Notorious Changi prison (above) in Singapore was where Peter Lloyd spent many months locked up and where prisoners can be subjected to canings by the feared rattan
He had literally slipped in the blood of the victims after earlier trauma when he narrowly missed being blown up in the first assassination attempt on Pakistani leader, Benazir Bhutto, in 2007.
Eight months later, suffering from PTSD, he was caught with 0.41 grams of methamphetamine, a pipe and six syringes after a tip-off to Singapore’s narcotics bureau.
Singapore imposes severe penalties for drug use and ownership, including a mandatory death penalty for anyone caught with more than 15 grams of heroin or more than 500 grams of marijuana.
‘Singaporeans are natural born dobbers,’ Lloyd said.
‘In Singapore, the regime relies on eagle eyed grandmothers, taxi drivers … and a wider community reared on a fear of state authority.’
He said Singaporeans like to outwardly display ‘good citizenship’ and avoid the dreadful fates of ‘citizens who’ve challenged the system and wound up in ruin or exile … too many to mention’.
Caning in Singapore is done with a 1.2metre rattan stick, 12mm thick, soaked with water to add weight on male offenders (above, a dummy is used) aged 16 to 50, with a maximum of 24 strokes in a single session
Correspondent Peter Lloyd arrives at a Singapore court in 2008 charged with trafficking ice, but had the charge dropped and served less than a year in Changi
He said the Melbourne teenagers probably wished now they’d seen the Kampong Police station social media posts which tell citizens ‘your life is a result of the decisions you make. Make good decisions today so you don’t regret tomorrow.’
Lloyd said: ‘In typically well crafted, mechanistic Singapore, police outposts are deliberately inserted in the local community they serve, to consolidate the founding ideal of a state of security, secured by a community partnership, from the grassroots up.
‘Community policing is one of the key thrusts of the Singapore Police Force’s policing strategy.
‘It helps to build the public’s trust and confidence in the police and to actively involve the community in combating crime and terrorism.’
Principal of Bacchus Marsh Grammar school Andrew Neal (above) said he hoped all 18 of his female students would return from Singapore after the sobering experience of being arrested for allegedly shoplifting lingerie
Lloyd was released from Changi in June 2009 and returned home, having been sacked from a proposed job co-hosting an ABC’s breakfast show. He was still employed as a producer.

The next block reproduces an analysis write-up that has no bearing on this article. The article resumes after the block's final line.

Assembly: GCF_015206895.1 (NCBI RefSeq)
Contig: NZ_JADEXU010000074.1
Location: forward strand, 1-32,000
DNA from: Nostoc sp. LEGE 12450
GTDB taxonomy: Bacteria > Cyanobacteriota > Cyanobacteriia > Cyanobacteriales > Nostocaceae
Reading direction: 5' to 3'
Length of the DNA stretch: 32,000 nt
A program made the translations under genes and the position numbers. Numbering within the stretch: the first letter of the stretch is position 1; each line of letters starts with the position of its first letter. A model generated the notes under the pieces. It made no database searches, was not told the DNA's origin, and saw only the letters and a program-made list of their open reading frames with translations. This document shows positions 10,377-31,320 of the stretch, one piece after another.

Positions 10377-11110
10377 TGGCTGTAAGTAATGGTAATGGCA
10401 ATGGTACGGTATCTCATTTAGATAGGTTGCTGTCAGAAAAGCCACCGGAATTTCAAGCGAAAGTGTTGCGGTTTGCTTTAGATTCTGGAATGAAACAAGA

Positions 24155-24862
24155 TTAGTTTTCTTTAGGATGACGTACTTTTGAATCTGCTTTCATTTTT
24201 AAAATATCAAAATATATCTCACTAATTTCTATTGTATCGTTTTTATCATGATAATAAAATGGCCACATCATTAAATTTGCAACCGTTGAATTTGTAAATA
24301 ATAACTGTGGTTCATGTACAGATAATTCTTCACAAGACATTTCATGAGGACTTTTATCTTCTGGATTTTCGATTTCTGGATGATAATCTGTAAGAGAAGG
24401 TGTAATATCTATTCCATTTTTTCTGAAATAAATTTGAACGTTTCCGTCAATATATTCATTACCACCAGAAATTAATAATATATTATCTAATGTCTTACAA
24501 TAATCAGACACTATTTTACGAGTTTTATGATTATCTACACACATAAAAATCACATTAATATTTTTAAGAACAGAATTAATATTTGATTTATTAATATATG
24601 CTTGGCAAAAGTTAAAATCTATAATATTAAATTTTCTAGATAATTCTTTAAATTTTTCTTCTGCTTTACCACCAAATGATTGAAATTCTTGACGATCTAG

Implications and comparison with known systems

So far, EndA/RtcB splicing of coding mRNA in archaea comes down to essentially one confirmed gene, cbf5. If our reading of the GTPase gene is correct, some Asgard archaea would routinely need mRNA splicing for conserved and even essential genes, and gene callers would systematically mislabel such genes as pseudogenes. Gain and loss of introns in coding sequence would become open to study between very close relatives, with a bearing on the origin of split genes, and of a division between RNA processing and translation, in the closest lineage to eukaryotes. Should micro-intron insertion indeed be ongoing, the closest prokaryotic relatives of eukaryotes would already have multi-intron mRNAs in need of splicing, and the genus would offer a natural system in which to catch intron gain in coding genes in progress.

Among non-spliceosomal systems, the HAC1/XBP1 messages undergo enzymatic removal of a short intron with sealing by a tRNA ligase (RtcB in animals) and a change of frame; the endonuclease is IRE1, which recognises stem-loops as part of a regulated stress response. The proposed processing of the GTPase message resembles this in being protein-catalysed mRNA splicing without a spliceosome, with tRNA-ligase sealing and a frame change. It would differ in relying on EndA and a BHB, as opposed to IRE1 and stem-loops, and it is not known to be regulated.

He was never caned, though the practice of judicial caning considered by many as barbaric and a form of torture continues. Caning in Singapore is done with a 1.2-metre rattan stick, 12mm thick, which is soaked with water to add weight to it.
Offenders convicted of medication trafficking, vandalism, rioting, or even just overstaying a visa are tied face-first to a wooden lattice with the buttocks exposed.
Only male offenders aged 16 to 50 are caned, with a maximum of 24 canings in a single session – meaning if found guilty the young women would not face such a fate.
Likewise, while the girls could face up to three years’ imprisonment if found guilty, actual jail time for adolescents is unlikely.
The principal of Bacchus Marsh Grammar school, Andrew Neal, said he hopes all 18 of his students – who were on a basketball tour when six were arrested – will be returning home to Melbourne as scheduled on Friday.
PREVIOUS INCIDENTS INVOLVING YOUNG PEOPLE IN SINGAPORE
In 2020, a former British public schoolboy Ye Ming Yuen was flogged the maximum 24 times in Singapore with the rattan for drug trafficking around 120g of cannabis and also 15g of ice
In 2015, two young German men who broke into a Singapore train depot and also spray-painted a MRT commuter train with graffiti were sentenced to three strokes each of the cane.
In 2020, a former British public schoolboy, Ye Ming Yuen, was flogged the maximum 24 times in Singapore with the rattan for medication trafficking around 120g of cannabis and also 15g of ice.
Yuen was left bleeding and also unable to walk after the caning, which caused a diplomatic row between Singapore and also the UK.